These demonstrators at GM Summits and World Bank and IMF meetings just don’t get it. Direct, grass-roots action is out, philanthropy is back in. Who needs Marx and Engels when you’ve got Bono and Geldof? Of course on a purely immediate, humanist level it’s clear that raising money for starving children is never going to be a bad thing per se. But in every other respect, Band Aid 20’s re-done Christmas single is an aberration. The original “Do they know it’s Christmas”, and its accompanying fund-raising concerts, at least helped bring previously ignored suffering to the attention of the popular consciousness, and for this we could perhaps forgive it for having also prolonged the careers of several decaying big-hair dinosaur-rockers. The whole thing reeked of liberal guilt, but there was a genuine innocence about it, and one way or another certain boundaries were crossed.
In 2004 we know all about “Third World” starvation; the argument goes that we have in fact become numb to it, and that therefore once in a while we need an event like a Band Aid 20 release to “remind us” how lucky we are. The idea seems to be that a recently laid-off factory worker in Manchester, or a single mother on an estate, rather than equating his or her situation with that of the starving child in Africa on account of the fact that they are both subjects to the same world economic system, must instead detach himself from the African problem, and just be grateful it’s not them who’s starving (“Well tonight thank God it’s them instead of you”). The situation is alien, “Third World”, detached. So the argument is that because we have become numb to suffering, we must respond by repackaging our guilt in an updated, more facile way. The desired effect is a state of permanent gratitude on both sides; dependency is perpetuated, while our consciences are satisfied.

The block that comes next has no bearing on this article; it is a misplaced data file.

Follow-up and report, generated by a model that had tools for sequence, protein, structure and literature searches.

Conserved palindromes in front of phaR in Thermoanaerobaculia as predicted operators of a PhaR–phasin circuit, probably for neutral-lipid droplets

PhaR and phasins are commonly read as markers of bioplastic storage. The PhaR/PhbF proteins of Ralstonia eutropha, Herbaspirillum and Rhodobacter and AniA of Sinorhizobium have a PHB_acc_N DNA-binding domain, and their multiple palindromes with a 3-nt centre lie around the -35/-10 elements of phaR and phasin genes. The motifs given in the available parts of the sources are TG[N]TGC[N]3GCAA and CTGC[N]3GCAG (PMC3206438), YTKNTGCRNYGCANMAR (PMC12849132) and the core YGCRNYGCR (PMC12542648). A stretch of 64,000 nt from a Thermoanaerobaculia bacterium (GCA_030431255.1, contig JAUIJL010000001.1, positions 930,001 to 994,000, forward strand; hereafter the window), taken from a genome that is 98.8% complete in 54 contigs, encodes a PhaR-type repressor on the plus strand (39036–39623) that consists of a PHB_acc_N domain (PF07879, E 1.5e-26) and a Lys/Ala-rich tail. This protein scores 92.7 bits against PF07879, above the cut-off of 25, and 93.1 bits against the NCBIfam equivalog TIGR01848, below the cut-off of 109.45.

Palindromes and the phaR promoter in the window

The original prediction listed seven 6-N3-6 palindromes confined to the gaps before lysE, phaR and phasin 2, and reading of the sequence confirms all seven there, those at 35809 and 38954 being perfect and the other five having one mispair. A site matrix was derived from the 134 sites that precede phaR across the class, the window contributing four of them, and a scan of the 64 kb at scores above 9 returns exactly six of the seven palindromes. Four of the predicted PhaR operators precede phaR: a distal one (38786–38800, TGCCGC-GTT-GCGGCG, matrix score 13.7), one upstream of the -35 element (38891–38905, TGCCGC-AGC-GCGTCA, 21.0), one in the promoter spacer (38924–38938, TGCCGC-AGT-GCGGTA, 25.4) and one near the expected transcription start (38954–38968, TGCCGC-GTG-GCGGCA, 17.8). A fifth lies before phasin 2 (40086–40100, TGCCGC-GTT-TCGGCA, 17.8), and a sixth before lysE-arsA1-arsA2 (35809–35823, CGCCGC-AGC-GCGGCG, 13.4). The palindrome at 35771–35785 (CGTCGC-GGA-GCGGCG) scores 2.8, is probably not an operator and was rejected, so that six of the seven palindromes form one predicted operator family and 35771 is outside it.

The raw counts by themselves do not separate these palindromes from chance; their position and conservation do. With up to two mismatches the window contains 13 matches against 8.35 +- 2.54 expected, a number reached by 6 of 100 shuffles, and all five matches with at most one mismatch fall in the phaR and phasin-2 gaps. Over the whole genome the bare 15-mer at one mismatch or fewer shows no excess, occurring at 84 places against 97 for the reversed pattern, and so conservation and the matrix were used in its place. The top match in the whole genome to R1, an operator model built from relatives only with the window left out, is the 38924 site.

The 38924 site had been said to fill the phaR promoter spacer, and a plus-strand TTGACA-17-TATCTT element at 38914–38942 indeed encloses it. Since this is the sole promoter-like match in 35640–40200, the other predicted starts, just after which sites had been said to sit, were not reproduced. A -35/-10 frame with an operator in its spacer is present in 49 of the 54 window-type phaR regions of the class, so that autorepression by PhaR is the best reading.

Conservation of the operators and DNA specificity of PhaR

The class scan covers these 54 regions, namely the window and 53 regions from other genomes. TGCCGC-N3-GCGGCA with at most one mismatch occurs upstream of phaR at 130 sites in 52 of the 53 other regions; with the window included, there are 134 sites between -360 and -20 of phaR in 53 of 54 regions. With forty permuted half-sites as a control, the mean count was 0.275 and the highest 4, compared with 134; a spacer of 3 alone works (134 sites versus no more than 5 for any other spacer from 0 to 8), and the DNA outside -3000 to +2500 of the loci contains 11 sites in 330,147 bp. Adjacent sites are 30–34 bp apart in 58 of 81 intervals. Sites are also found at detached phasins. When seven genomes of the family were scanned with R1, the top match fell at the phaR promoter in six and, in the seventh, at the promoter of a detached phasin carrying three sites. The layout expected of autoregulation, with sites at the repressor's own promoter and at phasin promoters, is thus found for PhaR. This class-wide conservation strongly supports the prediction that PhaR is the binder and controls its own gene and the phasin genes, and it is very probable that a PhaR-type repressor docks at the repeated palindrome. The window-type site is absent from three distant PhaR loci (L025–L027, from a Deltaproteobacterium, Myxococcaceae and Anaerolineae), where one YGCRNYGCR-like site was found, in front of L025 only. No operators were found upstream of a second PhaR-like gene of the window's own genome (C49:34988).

Of course the giver/receiver relationship can only be seen to be beneficial in the context of a certain perceived world order; that is to say, we must not consider economic structures and the essential role they play in bringing about the poverty in question. Without a revolutionary change in the world economic structure, all the charity in the world won’t stop babies starving – the very “necessity” of another Band Aid record is a grim testament to this. But of course the liberal conscience wants to keep things simple, or else it would have little to gain from such an initiative in terms of a “feel good factor” of its own; nor would it want to compromise its future status as “giver” or “reliever of suffering”, with Bob Geldof as its Messianic sandaled saviour.
And for this reason we are told the following things on the record:
“[Africa,] Where nothing ever grows/No rain nor rivers flow”.
This valuable insight, sung this time around by Time-Out-friendly Miss Dynamite and Beverly Knight (they’re black so, like, they would know) quite conveniently reaffirms the decades-old misconception that Africa’s problems are almost entirely due to geographical factors. African poverty? Oh it’s the weather, innit?
“Where the only water flowing/Is the bitter sting of tears…..Underneath the burning sun.”
The people who brought you this record are beneath contempt; to try and understand the world’s problems is one thing, to trivialise and cheapen them in the name of humanism is quite another. Thanks to a host of top names and the attendant emotional blackmail of such releases, it is sure to be a hit. Some people will argue that even though it’s not going to change the world, it’ll raise lots of money and that can’t be a bad thing, and they may be right – it’s better to save one child than none at all. Alternatively, if we consider the net result of projects like this – the trivialisation of the issue in the popular consciousness, the perpetuation of a culture of charity, the affirmation of false myths to explain human suffering, pandering to smugness, the strengthening of a misguided liberal consensus, the stunting of political consciousness in young people – in this country alone, it is highly likely that, over the long-term, these projects may yet do more harm than good in terms of “fighting poverty” in Africa, even by the liberals’ own favoured body-count barometer.